CLASSIFICATION Signal transduction inhibitor
MECHANISM OF ACTION
• Potent small-molecule inhibitor of the tyrosine kinases associated with epidermal growth factor receptor (ErbB1; EGFR) and HER2 (ErbB2), resulting in inhibition of ErbB phosphorylation and downstream ErbB signaling.
• Inhibition of the EGFR and HER2 tyrosine kinases results in inhibition of critical mitogenic and antiapoptotic signals involved in proliferation, growth, invasion/metastasis, angiogenesis, and response to
chemotherapy and/or radiation therapy.
Oral absorption is incomplete and variable and is increased when administered with food. Peak plasma levels are achieved 4 hours after ingestion.
Extensive binding (99%) to plasma proteins, including albumin and α1-acid glycoprotein, and extensive tissue distribution. Steady-state drug concentrations are reached in 6 to 7 days.
FDA-approved in combination with capecitabine for patients with advanced or metastatic breast cancer whose tumors overexpress HER2 and who have
received prior therapy, including an anthracycline, a taxane, and trastuzumab.
Recommended dose is 1,250 mg PO daily on days 1–21 continuously in combination with capecitabine 1,000 mg/m2 PO bid on days 1–14, with each cycle repeated every 21 days.
DRUG INTERACTION 1
Phenytoin and other drugs that stimulate the liver microsomal CYP3A4 enzymes, including carbamazepine, rifampin, phenobarbital, and St. John’s Wort.
These drugs may increase the rate of metabolism of lapatinib, resulting in its inactivation and lower effective drug levels.
DRUG INTERACTION 2
Drugs that inhibit the liver microsomal CYP3A4 enzymes, including ketoconazole, itraconazole, erythromycin, and clarithromycin. These drugs may decrease the rate of metabolism of lapatinib, resulting in increased drug levels and potentially increased toxicity.
DRUG INTERACTION 3
Warfarin—Patients receiving warfarin should be closely monitored for alterations in their clotting parameters (PT and INR) and/or bleeding, as lapatinib may inhibit the metabolism of warfarin by the liver P450 system. The dose of warfarin may require careful adjustment in the presence of lapatinib therapy.
1. Use with caution in patients with hepatic impairment, and dose reduction and/or interruption should be considered.
2. Monitor cardiac function at baseline and periodically during therapy with either MUGA or echocardiogram to assess LVEF. The reduction in LVEF usually occurs within the first 9 weeks of therapy. Use with caution in patients with pre-existing conditions that could impair LVEF.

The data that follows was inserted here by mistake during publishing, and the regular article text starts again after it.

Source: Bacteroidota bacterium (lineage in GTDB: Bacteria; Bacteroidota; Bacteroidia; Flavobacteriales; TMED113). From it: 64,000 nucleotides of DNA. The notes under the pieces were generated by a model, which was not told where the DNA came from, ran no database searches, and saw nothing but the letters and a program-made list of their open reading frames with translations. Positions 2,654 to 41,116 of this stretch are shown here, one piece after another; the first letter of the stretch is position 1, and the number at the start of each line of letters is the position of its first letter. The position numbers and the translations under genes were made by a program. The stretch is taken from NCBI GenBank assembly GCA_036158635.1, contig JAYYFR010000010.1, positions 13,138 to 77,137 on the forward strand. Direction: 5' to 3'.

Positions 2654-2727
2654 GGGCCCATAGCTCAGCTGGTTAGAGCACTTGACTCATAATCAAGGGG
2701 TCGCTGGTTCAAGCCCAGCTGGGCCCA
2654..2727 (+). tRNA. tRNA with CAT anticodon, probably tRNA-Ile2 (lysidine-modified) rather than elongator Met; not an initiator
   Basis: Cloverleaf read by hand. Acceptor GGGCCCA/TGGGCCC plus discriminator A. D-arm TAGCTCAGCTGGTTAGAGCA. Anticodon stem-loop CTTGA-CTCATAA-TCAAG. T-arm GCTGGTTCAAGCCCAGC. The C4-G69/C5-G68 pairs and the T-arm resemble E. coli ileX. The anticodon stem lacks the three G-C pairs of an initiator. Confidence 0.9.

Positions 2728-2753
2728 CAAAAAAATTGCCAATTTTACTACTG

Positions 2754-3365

3. Monitor ECG with QT measurement at baseline and periodically during therapy, as QT prolongation has been observed. Use with caution in patients at risk of developing QT prolongation, including hypokalemia, hypomagnesemia, congenital long QT syndrome, patients taking antiarrhythmic medications or any other products that may cause QT prolongation, and cumulative high-dose anthracycline therapy.
4. Lapatinib should be taken 1 hour before or after a meal, and the daily dose should not be divided. When capecitabine is co-administered, capecitabine should be taken with a glass of water within 30 minutes after a meal.
5. Avoid Seville oranges, starfruit, pomelos, and grapefruit products while on therapy.
6. Closely monitor patients for diarrhea, as severe diarrhea may develop while on therapy. Aggressive management with antidiarrheal agents as well as replacement of fluids. Electrolyte status should be closely followed.
7. Pregnancy category D. Breastfeeding should be avoided.
Diarrhea is the most common dose-limiting toxicity and occurs in 65% of patients. Mild nausea/vomiting may also occur.
Cardiac toxicity with reduction in LVEF. QT prolongation occurs rarely.
Myelosuppression, with anemia more common than thrombocytopenia or neutropenia.
Fatigue and anorexia.
Mild-to-moderate elevation of serum transaminases and serum bilirubin.
Hand-foot syndrome (palmar-plantar erythrodysesthesia) and skin rash.
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